New research into primate social structures offers insight into how human social life is organized.
Primates can develop quite complex social structures — just look at ours, we’re primates too. But exactly what made this family of species move towards a group rather than individual lifestyle? That’s what Luca Pozzi from the University of Texas at San Antonio (UTSA) Department of Anthropology, in collaboration with Peter Kappeler at the German Primate Center-Leibniz Institute for Primate Research, set out to understand.
The duo identified pair bonding as a key transition system between solitary and community lifestyles.
Our better halves
"The evolution of complex social systems in mammals, and more specifically in primates, is a challenging and exciting area of research. Our study shows that pair living—although rare—might have played a critical role in it," says Pozzi.
"Living as a pair represents an evolutionary puzzle in the evolution of mammalian social systems because males could achieve higher rates of reproduction if they did not bond to a single female".
Pozzi explains that social systems can work as an adaptive tool. Species need to adapt to their environmental conditions, he says, which is the same process that drives biological evolution. However, a modification of social behavior can accomplish the same goal at a much faster pace than natural selection. Among half of all primate species live in groups, he adds, while a third only form pairs; the rest (roughly one third) enjoy solitary lifestyles.
In order to understand what drives this behavioral adaptation process, which factors shape it, and how many times it occurred in the past, the team analyzed genetic data and behavioral observations of 362 primate species. The team found that the transition from a solitary way of life towards living in groups most often occurred through pair bonding. Thus, the propensity to form long-term pairs can be seen as the first step towards complex social structures, they explain.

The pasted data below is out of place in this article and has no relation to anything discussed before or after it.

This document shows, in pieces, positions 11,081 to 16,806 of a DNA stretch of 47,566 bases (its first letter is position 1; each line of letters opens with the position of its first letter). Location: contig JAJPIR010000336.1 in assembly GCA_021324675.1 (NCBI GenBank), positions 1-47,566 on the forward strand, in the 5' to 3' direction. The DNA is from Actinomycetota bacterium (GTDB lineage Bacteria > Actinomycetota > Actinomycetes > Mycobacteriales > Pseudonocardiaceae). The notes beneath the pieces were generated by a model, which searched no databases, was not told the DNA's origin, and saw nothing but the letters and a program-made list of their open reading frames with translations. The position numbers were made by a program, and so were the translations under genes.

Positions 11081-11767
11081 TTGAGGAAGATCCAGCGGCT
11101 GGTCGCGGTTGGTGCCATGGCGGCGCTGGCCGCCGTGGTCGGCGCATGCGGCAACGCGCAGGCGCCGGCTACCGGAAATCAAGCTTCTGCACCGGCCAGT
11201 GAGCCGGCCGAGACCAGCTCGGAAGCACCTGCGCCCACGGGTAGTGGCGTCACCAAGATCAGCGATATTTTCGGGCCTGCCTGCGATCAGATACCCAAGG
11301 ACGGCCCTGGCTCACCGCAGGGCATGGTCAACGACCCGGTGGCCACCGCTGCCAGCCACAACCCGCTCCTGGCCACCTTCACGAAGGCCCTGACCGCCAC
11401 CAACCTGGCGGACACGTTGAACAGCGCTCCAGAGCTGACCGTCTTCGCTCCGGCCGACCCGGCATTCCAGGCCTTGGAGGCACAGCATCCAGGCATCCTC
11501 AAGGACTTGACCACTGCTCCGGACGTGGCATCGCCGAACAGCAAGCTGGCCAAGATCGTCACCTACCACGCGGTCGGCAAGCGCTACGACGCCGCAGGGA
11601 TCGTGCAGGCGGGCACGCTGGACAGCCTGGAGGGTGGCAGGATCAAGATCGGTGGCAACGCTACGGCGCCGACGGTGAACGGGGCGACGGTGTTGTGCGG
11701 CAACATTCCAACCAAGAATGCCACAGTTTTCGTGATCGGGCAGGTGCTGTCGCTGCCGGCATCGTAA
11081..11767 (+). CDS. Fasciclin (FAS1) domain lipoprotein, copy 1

There are two current hypotheses on the development of pair bonding, the team explains: the female spacing hypothesis and the paternal care hypothesis. The first hypothesis holds that "females pursue reproductive strategies that are not limited by the number of mates but by access to resources," and that under certain conditions (such as high competition for food) females may spread out, limiting males' ability to monopolize access to multiple females. The second one basically boils down to the idea that males may choose to focus on a single female because she either needs his help in raising the offspring (for protection, care, or provision) or to reduce the risk of strange males committing infanticide. Either way, the male in question enjoys greater net reproductive success even if he limits his mating opportunities. Evidence is mixed for both hypotheses, the team adds.
Up to now, the assumption was that these two hypotheses were mutually exclusive. But the team found that they were actually complimentary.
An initial ecological change led the females of a species to separate in space. Solitary males, which previously had several females living in their territory, were now only able to gain access to one female and started to invest more in their offspring to increase their chances of survival — thus reinforcing pair living. A further transition to group living was made possible through an improvement of the ecological situation, which allowed related females to live in close proximity once again, and they could then be joined by one or more males.
"However, the pair bond typical for humans within larger social units cannot be explained with our results, since none of our recent ancestors lived solitarily. Nevertheless, the advantages of paternal care also may have led to a consolidation of pair living in humans," said Kappeler.
The paper "Evolutionary transitions towards pair living in non-human primates as stepping stones towards more complex societies," has been published in the journal Science Advances.